FA’ANENEFU HALL PLEADS DOWN TO MISDEMEANOR ASSAULT
A young mother of three, accused of stabbing a relative using a “sharp weapon,” has been sentenced to 2 years probation after pleading guilty to a misdemeanor charge, under a plea agreement with the government which was accepted by the court.
Twenty-five-year old Fa’anenefu Hall was taken into custody last week and charged with first degree assault. She was accused of using a broken piece of glass to stab a 22-year-old female relative at the defendant’s home in Leone. The victim has since moved out and is now residing with family members in another village.
After three separate court hearings last week, the defendant appeared again in court this past Monday for a preliminary examination hearing, where the government announced that it had reached a plea agreement with the defendant, who pled guilty to a misdemeanor — third degree assault — amended down from a felony.
Third degree assault is punishable by not more than one-year in jail, or a $1,000 fine, or both.
With the guilty plea, Hall admits to using a broken piece of glass to stab her niece. On the night of the incident, according to court information, the defendant cracked a wine bottle and used a piece of broken glass to stab her niece on the hand and face.
After the plea was accepted by the court on Monday, the defendant was released from jail where she had spent eight days in custody.
Hall returned to court on Tuesday for sentencing, where she apologized for her crime, and sought leniency that would allow her to return home to care for her three children, including a 6-month-old infant who is being breastfed. She also apologized to her niece and told the court that she is remorseful for what she did.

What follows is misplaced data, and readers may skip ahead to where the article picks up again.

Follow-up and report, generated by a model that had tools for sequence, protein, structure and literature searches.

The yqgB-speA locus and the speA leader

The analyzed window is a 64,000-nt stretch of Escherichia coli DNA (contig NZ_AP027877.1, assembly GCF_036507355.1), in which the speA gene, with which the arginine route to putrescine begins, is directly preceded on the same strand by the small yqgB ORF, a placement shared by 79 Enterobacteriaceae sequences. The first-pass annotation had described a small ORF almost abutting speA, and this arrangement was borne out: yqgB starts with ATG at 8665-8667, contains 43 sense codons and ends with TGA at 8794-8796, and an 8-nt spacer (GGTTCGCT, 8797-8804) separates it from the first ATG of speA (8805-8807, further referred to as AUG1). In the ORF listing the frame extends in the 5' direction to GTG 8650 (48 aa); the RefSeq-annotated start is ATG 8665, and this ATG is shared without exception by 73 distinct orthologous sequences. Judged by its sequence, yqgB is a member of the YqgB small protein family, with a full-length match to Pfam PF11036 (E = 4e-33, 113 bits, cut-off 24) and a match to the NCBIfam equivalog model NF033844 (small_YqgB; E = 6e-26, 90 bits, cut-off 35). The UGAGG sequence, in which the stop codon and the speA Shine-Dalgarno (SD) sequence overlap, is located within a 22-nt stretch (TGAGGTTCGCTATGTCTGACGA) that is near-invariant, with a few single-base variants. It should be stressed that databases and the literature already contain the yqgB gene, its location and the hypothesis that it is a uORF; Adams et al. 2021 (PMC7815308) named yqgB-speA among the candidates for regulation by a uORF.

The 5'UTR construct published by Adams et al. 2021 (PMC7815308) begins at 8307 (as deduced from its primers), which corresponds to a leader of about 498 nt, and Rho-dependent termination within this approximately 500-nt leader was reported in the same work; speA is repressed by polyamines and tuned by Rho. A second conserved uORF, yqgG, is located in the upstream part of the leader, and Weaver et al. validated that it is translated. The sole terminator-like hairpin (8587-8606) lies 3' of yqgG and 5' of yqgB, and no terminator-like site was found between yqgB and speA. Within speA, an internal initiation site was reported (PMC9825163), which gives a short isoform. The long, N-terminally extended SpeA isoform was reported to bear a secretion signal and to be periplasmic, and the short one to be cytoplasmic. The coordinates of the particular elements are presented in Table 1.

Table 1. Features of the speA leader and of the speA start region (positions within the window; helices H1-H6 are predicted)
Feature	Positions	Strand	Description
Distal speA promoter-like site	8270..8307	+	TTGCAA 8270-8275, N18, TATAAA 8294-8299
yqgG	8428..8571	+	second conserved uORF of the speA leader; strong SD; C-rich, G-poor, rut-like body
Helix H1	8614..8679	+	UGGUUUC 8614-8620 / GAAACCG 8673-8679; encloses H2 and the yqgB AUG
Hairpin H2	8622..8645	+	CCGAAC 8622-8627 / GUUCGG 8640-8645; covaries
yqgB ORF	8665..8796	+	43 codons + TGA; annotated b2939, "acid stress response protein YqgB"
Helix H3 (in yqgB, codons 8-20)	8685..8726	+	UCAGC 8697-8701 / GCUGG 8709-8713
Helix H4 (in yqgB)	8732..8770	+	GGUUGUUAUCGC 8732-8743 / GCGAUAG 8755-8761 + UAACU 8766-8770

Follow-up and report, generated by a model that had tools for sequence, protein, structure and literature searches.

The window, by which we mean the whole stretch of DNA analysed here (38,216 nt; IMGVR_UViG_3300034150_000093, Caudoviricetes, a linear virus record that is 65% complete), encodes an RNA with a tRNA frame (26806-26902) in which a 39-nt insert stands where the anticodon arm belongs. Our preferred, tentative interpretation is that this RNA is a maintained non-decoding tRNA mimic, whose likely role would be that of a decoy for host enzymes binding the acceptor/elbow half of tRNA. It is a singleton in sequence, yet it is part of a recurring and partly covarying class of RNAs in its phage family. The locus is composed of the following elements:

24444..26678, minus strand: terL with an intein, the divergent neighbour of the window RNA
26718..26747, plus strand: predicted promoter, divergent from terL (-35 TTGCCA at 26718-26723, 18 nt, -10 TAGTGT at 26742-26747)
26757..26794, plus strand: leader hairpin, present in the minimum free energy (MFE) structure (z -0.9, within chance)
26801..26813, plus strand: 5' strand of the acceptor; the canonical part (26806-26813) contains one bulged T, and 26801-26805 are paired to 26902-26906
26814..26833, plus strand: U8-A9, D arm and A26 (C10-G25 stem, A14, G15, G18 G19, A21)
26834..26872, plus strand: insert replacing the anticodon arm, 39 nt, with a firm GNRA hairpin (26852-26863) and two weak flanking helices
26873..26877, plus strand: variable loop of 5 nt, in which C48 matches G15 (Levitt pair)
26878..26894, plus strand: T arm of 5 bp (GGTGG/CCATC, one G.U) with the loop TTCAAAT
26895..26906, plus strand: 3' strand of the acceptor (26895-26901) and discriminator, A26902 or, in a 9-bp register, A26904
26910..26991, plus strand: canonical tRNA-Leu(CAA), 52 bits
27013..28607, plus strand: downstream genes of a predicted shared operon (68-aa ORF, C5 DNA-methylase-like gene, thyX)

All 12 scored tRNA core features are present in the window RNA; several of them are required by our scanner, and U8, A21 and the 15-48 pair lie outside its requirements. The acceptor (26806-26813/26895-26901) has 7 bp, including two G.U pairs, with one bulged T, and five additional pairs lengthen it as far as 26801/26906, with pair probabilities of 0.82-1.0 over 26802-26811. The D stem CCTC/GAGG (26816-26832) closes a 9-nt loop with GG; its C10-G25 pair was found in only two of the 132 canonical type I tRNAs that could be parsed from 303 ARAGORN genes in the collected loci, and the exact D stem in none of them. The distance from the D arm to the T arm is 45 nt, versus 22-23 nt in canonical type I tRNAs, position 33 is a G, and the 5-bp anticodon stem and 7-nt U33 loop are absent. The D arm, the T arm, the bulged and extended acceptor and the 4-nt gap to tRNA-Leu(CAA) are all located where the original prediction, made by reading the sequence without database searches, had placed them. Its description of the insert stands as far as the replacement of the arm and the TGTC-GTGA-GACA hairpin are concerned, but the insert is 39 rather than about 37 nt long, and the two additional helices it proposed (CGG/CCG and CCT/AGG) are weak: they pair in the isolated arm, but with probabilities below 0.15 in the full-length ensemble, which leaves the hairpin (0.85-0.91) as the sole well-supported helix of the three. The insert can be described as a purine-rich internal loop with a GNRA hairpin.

Hall’s attorney, Assistant Public Defender Kate Hannaher requested the court to accept the 24-month probative sentence without jail time, as stipulated in the plea agreement. The Ass’t PD noted that Hall is a first-time offender and she needs to be home to take care of her children.
Assistant Attorney General Woodrow Pengelly acknowledged the seriousness of the defendant’s actions, which caused bodily injuries to her niece, but the government supported the defense's request for probation without jail time.
Before rendering sentence, District Court Judge Fiti A. Sunia shared the court’s thoughts on the case, reflecting on the seriousness of the defendant’s actions.
Sunia told the defendant that what she did could have produced more serious consequences, such as the loss of a life. He said it’s clear from court records that the defendant is a young mother, 25, who is unemployed with three children but was consuming alcohol and was intoxicated at the time of the stabbing.
Sunia said the court does not take these types of cases lightly and told the defendant to take a serious look at the choices she makes, which will be a priority in her life? Consuming alcohol or the welfare of her young children.
The court had considered imposing a 12-month jail term but instead placed the defendant on 24-months probation, with several conditions, including a ban from consuming alcohol, paying a $200 fine, being a law-abiding citizen, and attending and completing alcohol and anger management counseling.